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Neon sign at a medical marijuana dispensary in California. Photo: <a href="http://www.flickr.com/photos/28402283@N07/3410000930/">Chuck Coker</a>, Creative Commons, some rights reserved
Neon sign at a medical marijuana dispensary in California. Photo: Chuck Coker, Creative Commons, some rights reserved

What will medical marijuana look like in New York state?

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Governor Cuomo delivers his State of the State address later today. He's expected to announce an executive action permitting limited access to medical marijuana in New York. There are still a lot of questions about how the program will work.

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Sarah Harris
Reporter and Producer

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Governor Cuomo plans to revive a 1980 provision in New York public health law that allows for limited medical marijuana use. Twenty hospitals across the state – we don’t know which yet – will act as dispensaries, and the drug will only be available to patients with serious diseases.

There are still a lot of logistical questions that need to be answered: about who gets covered, how the program will work, and where New York state will get its medical marijuana supply.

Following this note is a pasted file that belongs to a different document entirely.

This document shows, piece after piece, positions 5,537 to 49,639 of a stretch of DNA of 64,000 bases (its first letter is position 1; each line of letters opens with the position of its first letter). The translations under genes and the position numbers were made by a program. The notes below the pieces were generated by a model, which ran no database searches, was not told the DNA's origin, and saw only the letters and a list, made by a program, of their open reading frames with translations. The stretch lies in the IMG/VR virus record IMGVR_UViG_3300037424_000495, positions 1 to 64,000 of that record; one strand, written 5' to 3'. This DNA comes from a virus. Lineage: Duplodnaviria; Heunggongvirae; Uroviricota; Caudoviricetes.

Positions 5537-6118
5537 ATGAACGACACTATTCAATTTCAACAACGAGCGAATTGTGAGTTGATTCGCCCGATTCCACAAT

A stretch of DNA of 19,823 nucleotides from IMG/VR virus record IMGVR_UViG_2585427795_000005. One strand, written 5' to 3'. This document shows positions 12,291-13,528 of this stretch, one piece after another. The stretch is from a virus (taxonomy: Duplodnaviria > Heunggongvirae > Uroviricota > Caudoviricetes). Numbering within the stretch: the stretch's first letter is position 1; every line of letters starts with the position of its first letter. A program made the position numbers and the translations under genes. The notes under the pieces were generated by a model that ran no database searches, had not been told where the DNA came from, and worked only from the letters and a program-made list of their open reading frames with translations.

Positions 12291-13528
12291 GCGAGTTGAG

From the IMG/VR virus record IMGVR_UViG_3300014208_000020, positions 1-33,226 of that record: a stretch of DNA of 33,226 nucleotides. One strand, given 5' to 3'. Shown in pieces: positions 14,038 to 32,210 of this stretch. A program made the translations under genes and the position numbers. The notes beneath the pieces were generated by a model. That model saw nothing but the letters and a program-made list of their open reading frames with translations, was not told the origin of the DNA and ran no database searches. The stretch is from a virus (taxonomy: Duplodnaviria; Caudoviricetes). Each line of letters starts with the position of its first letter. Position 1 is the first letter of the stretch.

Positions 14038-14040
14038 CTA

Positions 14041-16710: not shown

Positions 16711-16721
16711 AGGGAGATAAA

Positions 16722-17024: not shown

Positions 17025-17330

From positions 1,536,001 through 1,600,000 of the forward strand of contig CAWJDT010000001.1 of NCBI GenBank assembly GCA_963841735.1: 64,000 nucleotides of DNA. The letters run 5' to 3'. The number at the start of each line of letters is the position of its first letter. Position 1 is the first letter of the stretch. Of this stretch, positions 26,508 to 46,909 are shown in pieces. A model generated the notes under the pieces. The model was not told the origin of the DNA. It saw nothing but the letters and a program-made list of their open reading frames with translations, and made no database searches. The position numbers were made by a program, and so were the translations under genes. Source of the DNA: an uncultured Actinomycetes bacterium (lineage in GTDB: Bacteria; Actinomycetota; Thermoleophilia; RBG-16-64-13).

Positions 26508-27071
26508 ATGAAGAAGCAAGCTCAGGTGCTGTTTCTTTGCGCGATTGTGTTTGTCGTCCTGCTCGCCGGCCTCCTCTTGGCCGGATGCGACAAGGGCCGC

Gabriel Sayegh is director of the New York branch of the Drug Policy Alliance.

He says Cuomo’s getting the ball rolling.

"It does begin the process as establishing medical marijuana in New York and in fact it’s going to make medical marijuana in New York a fact of life. We still need to pass legislation in the state to ensure that the comprehensive system that patients need is in place and available to patients throughout the state."

Franklin County Sherriff Kevin Mulverhill says it’s not yet clear what Cuomo’s new measure means for law enforcement. 

But he says he’s still wary.

"The population as a whole kind of starts leaning towards, ‘well it can’t be that bad, if we’re allowing to be used in hospitals and dispensed here and there,’ and I think it leads us down a slippery slope."

Governor Cuomo doesn’t support passing a new law to legalize medical marijuana use. He told reporters earlier this week that he favors a limited approach – it means more control.

The legislature, meanwhile, is divided about taking further action.  

The Assembly passed two marijuana-related bills in 2013, but they didn’t make it through the Senate.

Medical marijuana supporters Frank and Annie McLaughlin live outside of Canton. For them, marijuana goes far beyond the political.  

"If you look at the history of this weed, for thousands and thousands of years human societies have used it as medication, have used it as a product for their homes, and for all kinds of productive work," Frank McLaughlin said.

"Millions of people use this plant– it’s a mild euphoric," Annie adds. "Why keep this from people?"

Cuomo is scheduled to make his announcement about medical marijuana during the State of the State address this afternoon.

 

NCPR’s coverage  of the State of the State address begins at 1 pm, with a conversation looking back at 2013 and ahead to what the North Country can expect. Join Martha Foley and Brian Mann at 1 pm, with the Governor’s speech beginning at 1:30 pm.

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